OCEAN freight container shipping spot rates are expected to reach levels not seen since Covid-19 was causing chaos on ocean supply chains.

According to data released by ocean freight rate benchmarking and market analytics platform Xeneta, the latest round of increases will hit early this month, when market average spot rates are expected to reach US$5170 per FEU, marking a 57% increase during the month of May.

By comparison, rates at the height of the Red Sea crisis reached US$4820 on 1 February, and the expected June rates will be the highest in 640 days since 2022 when Covid-19 was still causing problems.

While Xeneta’s report highlights conditions on the main east-west trades the assessments are still relevant when anticipating impacts and freight outlook for the Oceania region.

Xeneta’s chief analyst Peter Sand said: “There is a cocktail of uncertainty and disruption across global ocean freight supply chains at present and this is fuelling the spot rate increases. However, it is the speed and magnitude of this recent spike that has taken the market by surprise – including the CEOs of the world’s biggest ocean freight liner companies”.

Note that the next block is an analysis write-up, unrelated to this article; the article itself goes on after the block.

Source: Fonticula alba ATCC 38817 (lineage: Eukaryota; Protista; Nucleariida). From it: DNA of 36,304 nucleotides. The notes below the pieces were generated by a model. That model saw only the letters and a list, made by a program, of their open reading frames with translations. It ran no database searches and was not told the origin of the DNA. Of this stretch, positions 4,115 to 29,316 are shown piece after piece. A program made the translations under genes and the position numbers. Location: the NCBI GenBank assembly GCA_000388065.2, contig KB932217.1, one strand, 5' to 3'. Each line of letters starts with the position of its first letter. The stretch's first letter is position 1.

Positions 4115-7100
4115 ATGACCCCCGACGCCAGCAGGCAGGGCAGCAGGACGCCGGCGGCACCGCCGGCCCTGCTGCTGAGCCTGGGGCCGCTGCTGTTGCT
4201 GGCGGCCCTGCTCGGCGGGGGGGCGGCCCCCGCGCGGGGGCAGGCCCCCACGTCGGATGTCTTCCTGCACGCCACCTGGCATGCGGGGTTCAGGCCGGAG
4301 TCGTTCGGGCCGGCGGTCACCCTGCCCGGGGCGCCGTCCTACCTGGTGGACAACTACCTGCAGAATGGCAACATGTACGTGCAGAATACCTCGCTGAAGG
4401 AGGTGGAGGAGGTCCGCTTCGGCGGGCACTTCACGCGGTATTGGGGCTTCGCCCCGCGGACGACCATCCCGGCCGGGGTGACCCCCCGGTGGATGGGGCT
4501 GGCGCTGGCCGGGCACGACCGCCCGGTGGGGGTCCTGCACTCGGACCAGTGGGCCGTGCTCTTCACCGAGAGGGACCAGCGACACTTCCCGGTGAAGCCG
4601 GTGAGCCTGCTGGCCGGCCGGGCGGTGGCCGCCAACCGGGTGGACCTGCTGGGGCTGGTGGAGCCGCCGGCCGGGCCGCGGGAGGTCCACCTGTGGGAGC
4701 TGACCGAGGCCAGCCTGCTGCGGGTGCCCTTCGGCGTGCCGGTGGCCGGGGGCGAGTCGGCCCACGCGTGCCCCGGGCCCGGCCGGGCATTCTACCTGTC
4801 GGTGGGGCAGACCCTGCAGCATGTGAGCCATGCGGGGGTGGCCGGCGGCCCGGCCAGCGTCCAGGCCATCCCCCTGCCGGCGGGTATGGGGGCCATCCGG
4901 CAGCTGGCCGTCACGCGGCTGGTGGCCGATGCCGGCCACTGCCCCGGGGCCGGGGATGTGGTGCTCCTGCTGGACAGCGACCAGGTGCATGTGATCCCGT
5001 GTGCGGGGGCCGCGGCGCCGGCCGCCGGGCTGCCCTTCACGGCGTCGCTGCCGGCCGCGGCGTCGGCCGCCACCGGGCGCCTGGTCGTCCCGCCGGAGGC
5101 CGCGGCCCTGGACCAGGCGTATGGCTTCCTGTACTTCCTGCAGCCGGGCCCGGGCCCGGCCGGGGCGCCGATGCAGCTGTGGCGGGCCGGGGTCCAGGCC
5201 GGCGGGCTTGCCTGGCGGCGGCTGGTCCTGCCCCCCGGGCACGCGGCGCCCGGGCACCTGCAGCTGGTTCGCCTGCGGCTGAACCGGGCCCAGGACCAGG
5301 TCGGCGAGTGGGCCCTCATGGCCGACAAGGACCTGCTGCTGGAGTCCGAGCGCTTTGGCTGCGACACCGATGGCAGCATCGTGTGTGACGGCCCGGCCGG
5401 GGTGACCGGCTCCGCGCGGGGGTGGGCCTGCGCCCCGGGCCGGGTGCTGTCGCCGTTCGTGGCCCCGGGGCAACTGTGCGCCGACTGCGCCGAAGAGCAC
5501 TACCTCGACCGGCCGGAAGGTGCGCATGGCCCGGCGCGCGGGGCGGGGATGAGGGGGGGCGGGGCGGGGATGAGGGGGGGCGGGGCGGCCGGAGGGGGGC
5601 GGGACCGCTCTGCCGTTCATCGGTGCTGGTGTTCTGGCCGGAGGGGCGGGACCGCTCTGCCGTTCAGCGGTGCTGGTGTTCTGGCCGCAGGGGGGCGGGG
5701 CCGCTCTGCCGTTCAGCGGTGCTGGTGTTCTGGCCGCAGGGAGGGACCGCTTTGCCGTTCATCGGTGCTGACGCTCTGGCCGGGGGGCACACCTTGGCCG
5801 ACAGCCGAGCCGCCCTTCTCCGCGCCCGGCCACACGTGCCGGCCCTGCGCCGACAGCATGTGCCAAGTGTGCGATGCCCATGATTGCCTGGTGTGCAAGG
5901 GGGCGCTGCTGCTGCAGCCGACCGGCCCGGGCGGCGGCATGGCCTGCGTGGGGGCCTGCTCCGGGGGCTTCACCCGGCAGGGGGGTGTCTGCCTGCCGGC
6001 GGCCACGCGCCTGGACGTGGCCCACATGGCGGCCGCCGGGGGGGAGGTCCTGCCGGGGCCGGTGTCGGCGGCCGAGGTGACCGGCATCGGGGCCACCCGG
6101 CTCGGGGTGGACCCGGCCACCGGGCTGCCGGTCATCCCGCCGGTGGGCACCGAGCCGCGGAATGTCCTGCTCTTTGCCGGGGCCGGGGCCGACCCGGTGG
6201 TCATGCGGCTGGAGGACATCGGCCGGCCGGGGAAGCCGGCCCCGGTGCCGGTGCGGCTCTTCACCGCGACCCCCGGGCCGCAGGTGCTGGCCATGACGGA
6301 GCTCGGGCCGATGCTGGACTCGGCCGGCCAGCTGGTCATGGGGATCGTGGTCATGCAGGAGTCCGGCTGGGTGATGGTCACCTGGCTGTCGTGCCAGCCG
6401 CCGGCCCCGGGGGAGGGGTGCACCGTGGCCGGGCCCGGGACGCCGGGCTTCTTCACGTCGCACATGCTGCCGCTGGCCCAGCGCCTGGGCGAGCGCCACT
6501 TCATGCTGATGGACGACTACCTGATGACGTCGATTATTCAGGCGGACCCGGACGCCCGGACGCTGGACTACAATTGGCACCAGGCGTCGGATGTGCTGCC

Ongoing conflict in the Red Sea, port congestion, and shippers frontloading imports ahead of traditional peak season are some of the major factors behind the rate increases.

On the latter, Mr Sand explained: “Importers have learned lessons from the pandemic and the most straightforward way to protect supply chains is to ship as many of your goods as you can as quickly as possible. That is what we are seeing with some businesses telling us they are already shipping cargo for the Christmas period in May.

“The early arrival of peak season is adding to the cocktail of uncertainty in the market. Back at the start of 2024 you could point to the Red Sea crisis as the root cause of spot rate increases, this time around it is far more nuanced,” he explained.

While the June increases are undoubtedly further bad news for shippers, Mr Sand says there is some room for optimism: “While average spot rates will increase again on 1 June, the growth is not as rapid as it was during May, which may hint towards a slight easing in the situation.”

The Xeneta findings suggest that as carriers will continue to push for ever higher freight rates, the situation for shippers may get worse before it gets better.